But if there’s any new addition that’s hilarious is Max, the middle child. Oh my god, this kid had me going. I love kid characters that are beyond their years and talk like adults. I think they’re just so funny and to see such a young man say words that I sure couldn’t even spell at that age is endlessly entertaining. This kid is going places. Max is my favorite kid character on the show.

I’ll get to my feelings regarding Jackson, the oldest son, in a minute, but I should also mention the humor. While the original show may have had to really water down any possible adult humor, it’s pretty prominent in this new show. This is a very good thing. FULL HOUSE came out at a different time of television. A family friendly show like that would never get away with sex jokes like all sitcoms have today. While I won’t say FULLER HOUSE is more adult oriented, it is more mature with the humor. There are adult jokes and some of them are pretty outrageous. This is fitting with the new generation of humor compared to the past, otherwise something too clean cut like the original show wouldn’t work in today’s viewing. They cast a wider net in terms of humor, but never loses the family friendly element.

I wanted to close off the good qualities of the show with one of my favorite elements: the faith the show has in D.J., Stephanie, and Kimmie. It would have been so easy for this show to just keep Danny, Jesse, Becky, and Joey (respectfully reprised by Bob Saget, John Stamos, Lori Loughlin, and Dave Coulier) just to save face for the new series, but I’m thrilled they didn’t. For one thing, these actors have their own projects outside of this show and makes sense they couldn’t stay for the entire season. But even if they could, the writers really shouldn’t anyway. The whole point of the “Fuller” in FULLER HOUSE is that D.J. FULLER would be taking over. If the original actors stuck around, the cast would have been incredibly crowded and very little justice would be done for any new characters, and that’s not the point of the whole “passing of the torch” concept. This should be D.J., Stephanie, and Kimmie’s time to shine as the next gen parents and dealing with their family problems. The occasional special guest appearance is always welcomed (though looking back now, there might have been a little too many), the show does have episodes where they just tell the story of these girls and their kids. Those episodes functioned just fine.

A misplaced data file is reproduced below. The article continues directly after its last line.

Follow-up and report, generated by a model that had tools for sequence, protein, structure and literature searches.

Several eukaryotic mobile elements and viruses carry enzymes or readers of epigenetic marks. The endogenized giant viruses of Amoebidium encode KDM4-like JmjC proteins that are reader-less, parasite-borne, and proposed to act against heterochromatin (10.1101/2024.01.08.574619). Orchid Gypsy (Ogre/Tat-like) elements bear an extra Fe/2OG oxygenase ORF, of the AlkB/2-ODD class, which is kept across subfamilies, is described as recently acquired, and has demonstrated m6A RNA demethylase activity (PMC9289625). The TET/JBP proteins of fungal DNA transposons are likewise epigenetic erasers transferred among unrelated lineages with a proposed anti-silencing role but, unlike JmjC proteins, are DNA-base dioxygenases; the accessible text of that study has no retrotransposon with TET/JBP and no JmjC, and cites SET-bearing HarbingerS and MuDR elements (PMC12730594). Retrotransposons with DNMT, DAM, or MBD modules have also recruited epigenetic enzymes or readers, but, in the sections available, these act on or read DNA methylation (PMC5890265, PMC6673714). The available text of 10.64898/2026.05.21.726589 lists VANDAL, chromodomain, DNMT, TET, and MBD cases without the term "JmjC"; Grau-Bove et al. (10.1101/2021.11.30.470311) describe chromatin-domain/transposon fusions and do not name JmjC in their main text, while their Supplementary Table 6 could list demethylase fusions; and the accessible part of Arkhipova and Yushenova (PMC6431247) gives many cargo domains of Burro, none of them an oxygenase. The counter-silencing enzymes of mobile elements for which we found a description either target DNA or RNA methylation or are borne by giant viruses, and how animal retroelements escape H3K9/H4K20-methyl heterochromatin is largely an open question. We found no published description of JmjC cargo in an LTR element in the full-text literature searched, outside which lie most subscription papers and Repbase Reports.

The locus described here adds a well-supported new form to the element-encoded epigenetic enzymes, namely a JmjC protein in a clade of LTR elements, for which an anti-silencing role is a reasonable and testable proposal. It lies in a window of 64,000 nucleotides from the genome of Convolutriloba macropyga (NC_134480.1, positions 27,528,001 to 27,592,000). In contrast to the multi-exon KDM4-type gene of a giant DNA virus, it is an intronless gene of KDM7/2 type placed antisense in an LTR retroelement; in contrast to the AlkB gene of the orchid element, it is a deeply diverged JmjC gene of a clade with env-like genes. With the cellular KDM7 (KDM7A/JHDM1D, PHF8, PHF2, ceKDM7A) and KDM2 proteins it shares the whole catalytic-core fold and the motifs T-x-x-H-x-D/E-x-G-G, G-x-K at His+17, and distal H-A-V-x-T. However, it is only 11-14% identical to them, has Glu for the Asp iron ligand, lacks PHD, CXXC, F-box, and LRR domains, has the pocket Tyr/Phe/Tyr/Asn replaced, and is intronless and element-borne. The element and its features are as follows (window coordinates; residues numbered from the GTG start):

Alright, onward to what didn’t work that well.

If there’s any kid character that’s incredibly funny, there’s another kid character that must balance it out by being incredibly annoying, and that’s Jackson. By god, this kid needed a serious slap across the face. He’s constantly giving himself the nickname “J-Money.” Just… a thousand no’s. I hope to god if there’s a season two, they cut that crap out fast. It’s beyond irritating, and his fixation with Lola, played by Ashley Liao, who is Ramona’s best friend, is the fuel for this nickname. I ain’t religious, but I pray that there’ll be an episode where Lola says, “Jackson, shut up with your nickname,” and you never have to hear “J-Money” ever again. Obviously, this isn’t Campion’s fault. He’s a young actor with few credits to his name and most likely not his idea to say this stuff. But when the episodes don’t revolve around his crush on Lola, he’s not a bad character. Misguided and certainly a kind-hearted troublemaker (again, kind of done before), he’s still a loving brother. Honestly, the worst thing they could have done with him is make him a bully to his siblings, and that would have turned me off to the character completely. Since that isn’t the case, I’m not giving up hope for the future of this character. Just cut out the nickname and I’ll deal with the rest.